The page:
About The Author
I’m currently studying in a Chinese language program at Tsinghua University in Beijing, China. After that, I hope to go to grad school in China to study economics or computational social science, and then get a job there, likely in finance.
I’ve decided to specialize in computational economics, delving into topics such as algorithmic game theory, recursive models in macroeconomics, and the use of machine learning in econometrics. I’m very much attracted by the mix of very abstract notions—such as Turing machines, Gödel’s incompleteness theorem, and game semantic models for programming language verification—integrated seamlessly with very practical applications. Having a language- and writing-based educational background, I’m currently trying to ‘catch up’ by learning to code in Python and R, as well as learning as much mathematics as I can. As I get better, I’ll likely post tutorial-like posts to help consolidate my knowledge. On the philosophical end, I think that computational methods open up many interesting questions about how it is that models represent the world, and I think it would be worthwhile to outline how algorithmic economics constitutes a ‘school of thought’ rather than just a set of tools.
To keep myself motivated, a long-running project of mine involves interpreting economics (as well as finance and business) through François Laruelle’s Non-Philosophy. I’m calling this ‘econo-fiction’. Its main purpose is to oppose the typical account of how economic models are imposed on the world to find out more about it—which I think is far too abstract, since economists never have direct access to a ‘world’ by which we can judge our models. (And if we did, then the model would be redundant.) If economists actually believed this story, the discipline would be structured in a completely different way than how it is. In fact, I think that many of the arguments of heterodox economics arise from treating economic statements as representational. In contrast, I use contemporary Continental philosophy to develop an interpretation of economics (in the manner of the Copenhagen interpretation of quantum theory) that is non-representational. I define economics as the science of non-conceptual social relations, and argue that the most valuable elements of economics are precisely what can’t be expressed discursively. So as you can imagine, it’s kind of tough to write about.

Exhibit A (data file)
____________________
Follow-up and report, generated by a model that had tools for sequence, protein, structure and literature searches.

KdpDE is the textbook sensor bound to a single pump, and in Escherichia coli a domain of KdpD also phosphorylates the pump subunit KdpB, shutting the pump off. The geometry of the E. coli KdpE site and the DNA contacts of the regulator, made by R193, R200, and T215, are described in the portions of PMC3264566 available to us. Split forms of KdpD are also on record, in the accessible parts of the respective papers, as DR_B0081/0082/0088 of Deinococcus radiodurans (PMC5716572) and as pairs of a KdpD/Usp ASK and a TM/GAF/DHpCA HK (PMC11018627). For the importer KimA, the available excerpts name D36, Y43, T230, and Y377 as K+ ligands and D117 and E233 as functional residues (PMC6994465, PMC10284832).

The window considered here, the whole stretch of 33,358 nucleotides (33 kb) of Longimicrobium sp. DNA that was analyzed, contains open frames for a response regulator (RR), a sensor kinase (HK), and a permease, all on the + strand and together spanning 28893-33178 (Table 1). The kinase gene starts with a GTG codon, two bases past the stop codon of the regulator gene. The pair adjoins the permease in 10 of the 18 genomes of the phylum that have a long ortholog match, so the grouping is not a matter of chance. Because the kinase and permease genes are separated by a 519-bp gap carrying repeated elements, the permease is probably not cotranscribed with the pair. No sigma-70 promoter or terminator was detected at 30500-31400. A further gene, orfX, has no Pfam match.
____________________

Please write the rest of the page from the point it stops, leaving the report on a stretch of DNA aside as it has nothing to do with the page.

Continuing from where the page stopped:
Consequently, there’s very little (interesting) work integrating Continental philosophy and business. A major motivation for me is that I find Marxism incredibly dull, which ticks off a lot of philosophy people who think that Marx’s conclusions are obvious. They aren’t. On the other hand, most businesspeople see little point in grandiose concepts, or else feel that I’m talking about simple ideas in overly complicated language. I therefore make a great deal of effort to write accessibly, and my TL;DR section at the bottom of each entry is intended to make these simple ideas explicit, while my actual entries are geared toward showing the ‘math’ behind each idea. I also plan to integrate more actual math into my posts over time.
What draws me to (applied) critical theory is mainly how its intricate concepts and methods can be combined with otherwise dry subject matter in order to make it ‘sexy’. In other words, injecting boring topics (e.g. accounting, real estate) with theory helps me to take an interest in them, whereas typically I would not have had the motivation to investigate them on their own. It’s like cheating at life. My goal is to be able to write about econometrics (or whatever) in a way that makes people, including you, want to learn more about it.